Aside from that, I want to reiterate the point that philosophy is very important, but it isn't the only thing to study. A college run by Objectivists has the potential to provide a broad and deep improvement over contemporary colleges. This isn't the same thing as a program that teaches Objectivism, which is what one would get through ARI and OAC. Both have their place.

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I haven't been involved in this issue before, but it would seem that if one were to label one's college as an Objectivist college, one would be teaching and advocating Objectivism, in much the same way as the OAC. This would probably limit the appeal of the College to the general public. More importantly, it would most likely kill any chance of getting a government sanction to operate within it borders.

Funny, I wonder who bought those 30 million copies of Ayn Rand? (Plus over 100x the number of CD-ROMs than one Objectivist professional originally predicted.)

Who *does* the College appeal to, if not those looking for an alternative to modern madness, but who also don't want to go to one of many Christian schools? Are they the kind of people who hate Ayn Rand and Objectivism? Somebody explain how that works, I'm not seeing the logic.

Then why aren't there thousands enrolling in OAC? Let's not forget, that it takes time to build up a reputation. I sure that FC will accomplish that. Although there are Christian universities, they attract people by being top-notch educational institutions. For example, TCU's mission and core values says nothing about Christianity.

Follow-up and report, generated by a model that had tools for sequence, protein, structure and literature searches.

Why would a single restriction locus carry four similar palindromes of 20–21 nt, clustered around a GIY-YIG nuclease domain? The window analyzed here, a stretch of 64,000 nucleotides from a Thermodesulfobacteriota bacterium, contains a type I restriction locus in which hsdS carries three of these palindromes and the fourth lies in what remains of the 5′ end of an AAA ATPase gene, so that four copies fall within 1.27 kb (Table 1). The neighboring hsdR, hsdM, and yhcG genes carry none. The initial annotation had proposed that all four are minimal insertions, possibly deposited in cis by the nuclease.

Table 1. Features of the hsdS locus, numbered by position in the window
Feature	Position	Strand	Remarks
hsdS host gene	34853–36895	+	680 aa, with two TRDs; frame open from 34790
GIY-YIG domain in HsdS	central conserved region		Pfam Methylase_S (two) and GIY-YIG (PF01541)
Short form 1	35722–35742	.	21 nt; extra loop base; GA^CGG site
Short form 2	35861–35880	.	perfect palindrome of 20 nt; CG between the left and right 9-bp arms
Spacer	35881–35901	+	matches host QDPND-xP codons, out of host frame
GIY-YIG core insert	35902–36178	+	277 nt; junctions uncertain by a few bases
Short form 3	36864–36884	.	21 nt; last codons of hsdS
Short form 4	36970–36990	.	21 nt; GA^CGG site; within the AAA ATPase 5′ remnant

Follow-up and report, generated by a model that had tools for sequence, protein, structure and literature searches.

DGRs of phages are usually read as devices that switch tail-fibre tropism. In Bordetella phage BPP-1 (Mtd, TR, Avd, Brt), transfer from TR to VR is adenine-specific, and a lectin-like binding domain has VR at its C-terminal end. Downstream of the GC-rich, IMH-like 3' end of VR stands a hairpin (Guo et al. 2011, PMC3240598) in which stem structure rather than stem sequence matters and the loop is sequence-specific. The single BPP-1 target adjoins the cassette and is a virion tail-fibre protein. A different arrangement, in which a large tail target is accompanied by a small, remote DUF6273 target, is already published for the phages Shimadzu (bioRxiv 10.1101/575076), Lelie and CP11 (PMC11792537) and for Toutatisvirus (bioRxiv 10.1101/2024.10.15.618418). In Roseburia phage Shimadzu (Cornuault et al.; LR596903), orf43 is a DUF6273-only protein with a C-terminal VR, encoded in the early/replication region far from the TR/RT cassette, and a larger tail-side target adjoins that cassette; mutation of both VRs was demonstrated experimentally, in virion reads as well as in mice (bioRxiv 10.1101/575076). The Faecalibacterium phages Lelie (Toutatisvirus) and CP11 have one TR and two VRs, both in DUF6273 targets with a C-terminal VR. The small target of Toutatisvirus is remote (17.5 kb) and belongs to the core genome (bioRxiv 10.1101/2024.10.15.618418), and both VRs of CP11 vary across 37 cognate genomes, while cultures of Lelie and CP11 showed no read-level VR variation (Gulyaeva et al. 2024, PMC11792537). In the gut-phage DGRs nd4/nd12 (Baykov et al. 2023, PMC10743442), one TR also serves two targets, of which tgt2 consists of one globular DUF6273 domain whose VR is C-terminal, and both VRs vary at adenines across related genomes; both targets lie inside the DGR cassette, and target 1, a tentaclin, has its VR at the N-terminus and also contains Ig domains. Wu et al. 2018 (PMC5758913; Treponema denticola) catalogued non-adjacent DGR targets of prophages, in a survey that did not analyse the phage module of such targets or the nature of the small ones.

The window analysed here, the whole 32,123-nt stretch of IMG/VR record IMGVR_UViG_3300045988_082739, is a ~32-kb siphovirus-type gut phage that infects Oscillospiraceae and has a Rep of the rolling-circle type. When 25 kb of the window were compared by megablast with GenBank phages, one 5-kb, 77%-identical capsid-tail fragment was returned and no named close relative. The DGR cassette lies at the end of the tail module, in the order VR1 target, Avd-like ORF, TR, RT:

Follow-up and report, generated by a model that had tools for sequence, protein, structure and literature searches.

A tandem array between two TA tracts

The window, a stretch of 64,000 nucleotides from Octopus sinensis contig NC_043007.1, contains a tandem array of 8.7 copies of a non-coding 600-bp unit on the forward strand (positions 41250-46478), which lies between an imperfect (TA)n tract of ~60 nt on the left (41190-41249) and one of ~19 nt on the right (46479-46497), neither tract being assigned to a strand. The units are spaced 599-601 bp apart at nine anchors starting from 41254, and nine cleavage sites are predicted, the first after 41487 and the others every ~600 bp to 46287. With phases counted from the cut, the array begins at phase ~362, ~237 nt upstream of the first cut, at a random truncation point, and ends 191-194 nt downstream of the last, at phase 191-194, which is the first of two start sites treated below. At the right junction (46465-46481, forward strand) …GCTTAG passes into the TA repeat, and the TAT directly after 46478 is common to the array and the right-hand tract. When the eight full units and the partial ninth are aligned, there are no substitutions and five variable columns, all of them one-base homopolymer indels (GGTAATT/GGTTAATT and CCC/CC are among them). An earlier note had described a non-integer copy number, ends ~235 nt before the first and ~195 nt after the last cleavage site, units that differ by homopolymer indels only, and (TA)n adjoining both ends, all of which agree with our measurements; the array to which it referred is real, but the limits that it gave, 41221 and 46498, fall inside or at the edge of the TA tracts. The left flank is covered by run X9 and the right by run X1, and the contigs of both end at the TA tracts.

----------------

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Then why aren't there thousands enrolling in OAC? Let's not forget, that it takes time to build up a reputation.

This may be redundant from my second post, but one reason that there aren't thousands enrolling because the number of people wanting to be philosophers is a tiny fraction of those who need to be rational and to use Objectivism in other fields. Also, I seriously doubt that there are enough Objectivist philosophers (distinct from Objectivists in other professions) to be able to handle even 100 serious students, today. I don't think it would be difficult to have a situation where more applied than could be accepted. Even in a fully rational society I would not expect to see nearly as many philosophers/philosophy professors as professors in engineering or the sciences.